About the Blog:

Guelph Politico is locally sourced and dedicated to covering the political and cultural scene in the City of Guelph. Est. 2008.

Monday, October 13, 2008

One Day at a Time

Happy Thanksgiving to one and all! And happy Election Day's Eve to the same, although I say this especially to the citizens of Guelph. Remember the last Election Day's Eve when our by-election was canceled less than 24 hours before the polls opened in favour of a Federal race? Oh, good times!

But seriously, it seems we have no idea what's going to go down tomorrow. In town its a tight race, and across the nation, in a poll cited on CTV News last night, 46 per cent said that they haven't firmed up their decision about whom they're voting for with 12 per cent adding that they probably won't make their minds until they get to the ballot box.

What does this mean? Strategic Voting, my friends. A poll done by Ipsos-Reid for the Canwest News Service back during the first week of the campaign showed that 54 per cent of Canadians were not in favour of a Conservative majority government and that 38 per cent of them were prepared to vote strategically to prevent it.

The CTV/Global and Mail poll showed the Election Day numbers thusly:
* Conservative: 33 per cent (-2)

* Liberal: 28 per cent (-2)
* NDP: 18 per cent (none)
* Bloc Quebecois: 10 per cent (-1)
* Green Party: 11 per cent (+6)

The only party to make gains going into the last weekend of campaigning was the Green Party and one would figure if the trend was going towards strategic voting, than they'd be showing a loss. Confused yet? Yeah, me too.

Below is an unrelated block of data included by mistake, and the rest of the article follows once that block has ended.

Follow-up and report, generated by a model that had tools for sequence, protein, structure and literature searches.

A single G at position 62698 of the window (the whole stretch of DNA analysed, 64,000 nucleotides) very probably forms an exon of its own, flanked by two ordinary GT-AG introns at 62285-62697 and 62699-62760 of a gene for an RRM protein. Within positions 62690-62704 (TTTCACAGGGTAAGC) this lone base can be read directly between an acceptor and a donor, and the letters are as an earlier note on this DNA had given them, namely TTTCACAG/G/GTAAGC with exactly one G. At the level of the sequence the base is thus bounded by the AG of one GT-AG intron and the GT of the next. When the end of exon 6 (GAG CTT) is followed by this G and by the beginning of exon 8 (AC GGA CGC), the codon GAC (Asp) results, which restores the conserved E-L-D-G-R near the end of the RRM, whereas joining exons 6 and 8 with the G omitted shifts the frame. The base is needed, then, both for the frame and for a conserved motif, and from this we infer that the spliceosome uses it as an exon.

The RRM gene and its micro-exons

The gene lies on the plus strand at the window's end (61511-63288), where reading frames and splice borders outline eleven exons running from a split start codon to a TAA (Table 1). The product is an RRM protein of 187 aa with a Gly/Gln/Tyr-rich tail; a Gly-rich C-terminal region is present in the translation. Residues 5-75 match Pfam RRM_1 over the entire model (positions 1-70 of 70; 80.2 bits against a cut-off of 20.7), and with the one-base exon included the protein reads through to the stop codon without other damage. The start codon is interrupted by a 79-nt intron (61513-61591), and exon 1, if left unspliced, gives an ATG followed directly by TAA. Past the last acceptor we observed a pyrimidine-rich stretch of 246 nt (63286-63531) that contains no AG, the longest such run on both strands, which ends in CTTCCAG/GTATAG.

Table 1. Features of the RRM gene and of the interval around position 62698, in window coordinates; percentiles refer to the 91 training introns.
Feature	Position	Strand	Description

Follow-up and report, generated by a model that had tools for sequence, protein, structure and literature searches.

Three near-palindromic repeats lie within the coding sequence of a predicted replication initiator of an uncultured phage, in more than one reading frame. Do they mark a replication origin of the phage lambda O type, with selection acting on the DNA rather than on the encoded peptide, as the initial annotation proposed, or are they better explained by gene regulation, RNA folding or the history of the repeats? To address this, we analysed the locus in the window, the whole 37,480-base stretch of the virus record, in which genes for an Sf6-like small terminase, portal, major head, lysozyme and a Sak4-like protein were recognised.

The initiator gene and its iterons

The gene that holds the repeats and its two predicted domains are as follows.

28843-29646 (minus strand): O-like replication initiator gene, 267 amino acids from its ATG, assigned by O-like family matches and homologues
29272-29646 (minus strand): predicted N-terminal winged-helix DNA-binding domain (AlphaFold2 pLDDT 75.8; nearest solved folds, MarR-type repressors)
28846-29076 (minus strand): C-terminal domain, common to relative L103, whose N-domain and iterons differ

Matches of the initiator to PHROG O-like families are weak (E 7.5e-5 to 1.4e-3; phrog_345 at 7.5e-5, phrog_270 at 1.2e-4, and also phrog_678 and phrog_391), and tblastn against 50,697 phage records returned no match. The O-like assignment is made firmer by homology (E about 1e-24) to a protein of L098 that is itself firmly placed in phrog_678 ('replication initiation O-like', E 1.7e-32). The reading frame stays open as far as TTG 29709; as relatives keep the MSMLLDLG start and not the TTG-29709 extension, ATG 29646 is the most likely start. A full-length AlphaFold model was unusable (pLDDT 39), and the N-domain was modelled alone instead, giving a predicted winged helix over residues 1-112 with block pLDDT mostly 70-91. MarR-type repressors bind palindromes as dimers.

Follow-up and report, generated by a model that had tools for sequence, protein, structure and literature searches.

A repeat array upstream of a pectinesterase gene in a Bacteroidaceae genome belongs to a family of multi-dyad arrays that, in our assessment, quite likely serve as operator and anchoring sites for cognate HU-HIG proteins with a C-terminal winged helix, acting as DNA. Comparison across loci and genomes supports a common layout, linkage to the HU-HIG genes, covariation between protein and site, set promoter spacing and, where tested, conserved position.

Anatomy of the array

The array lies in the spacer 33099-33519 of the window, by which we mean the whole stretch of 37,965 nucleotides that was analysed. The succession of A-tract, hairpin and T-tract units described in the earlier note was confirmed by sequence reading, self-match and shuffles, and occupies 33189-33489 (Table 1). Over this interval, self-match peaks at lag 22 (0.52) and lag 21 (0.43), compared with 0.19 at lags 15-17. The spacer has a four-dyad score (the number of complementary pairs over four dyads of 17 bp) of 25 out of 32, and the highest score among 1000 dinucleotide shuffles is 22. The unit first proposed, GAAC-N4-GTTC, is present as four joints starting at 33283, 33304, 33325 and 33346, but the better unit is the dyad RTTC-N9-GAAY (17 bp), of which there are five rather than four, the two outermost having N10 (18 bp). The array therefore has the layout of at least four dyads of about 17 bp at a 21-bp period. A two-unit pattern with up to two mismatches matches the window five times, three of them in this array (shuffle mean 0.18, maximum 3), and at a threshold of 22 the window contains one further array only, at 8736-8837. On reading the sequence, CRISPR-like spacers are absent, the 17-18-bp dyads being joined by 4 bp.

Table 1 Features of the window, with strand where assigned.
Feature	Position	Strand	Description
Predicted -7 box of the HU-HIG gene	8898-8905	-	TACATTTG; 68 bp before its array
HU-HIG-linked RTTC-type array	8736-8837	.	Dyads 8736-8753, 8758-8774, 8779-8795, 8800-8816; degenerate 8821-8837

Now pollsters say that 40 per cent in the polls is a good indication as to whether or not a party is going to end up with a majority government and with the Conservatives hovering around roughly a solid third of the nation in support, things seem unlikely for Harper's majority hopes. So it begs the question: if the Conservatives win, does that mean we'll get another Conservative-led Parliament? Not necessarily.

Many think that should Harper win another minority, it might spur a couple of the other parties to set aside differences out of the common interest in not seeing Harper as PM. The likely team-up would be the Liberals and NDP, it's been done before in Ontario, and a lot of people are wondering why it can't be done again. Even Gilles Duceppe has swallowed hard and said that he'd be interested in a limited partnership with the Liberals, on issues such as the environment, so long as it's in the best interest of Quebecers.

In the same CTV/Globe poll, 46 per cent of the responders said that they'd favour a Lib-NDP coalition to usurp the Conservatives, while 41 per cent said that they did not. Pollsters said that these numbers fell mostly within party lines. You will note however that pollsters are the only ones open to the possibility right now. In Halifax Thursday, Dion emphatically ruled it out, and when I broached the subject with Bob Rae in our brief talk on Friday, he said that the Liberals were focused on winning a majority and that any talk of coalitions was extremely pre-mature.

So it should be interesting to see the reutrns tomorrow night, to say the least.

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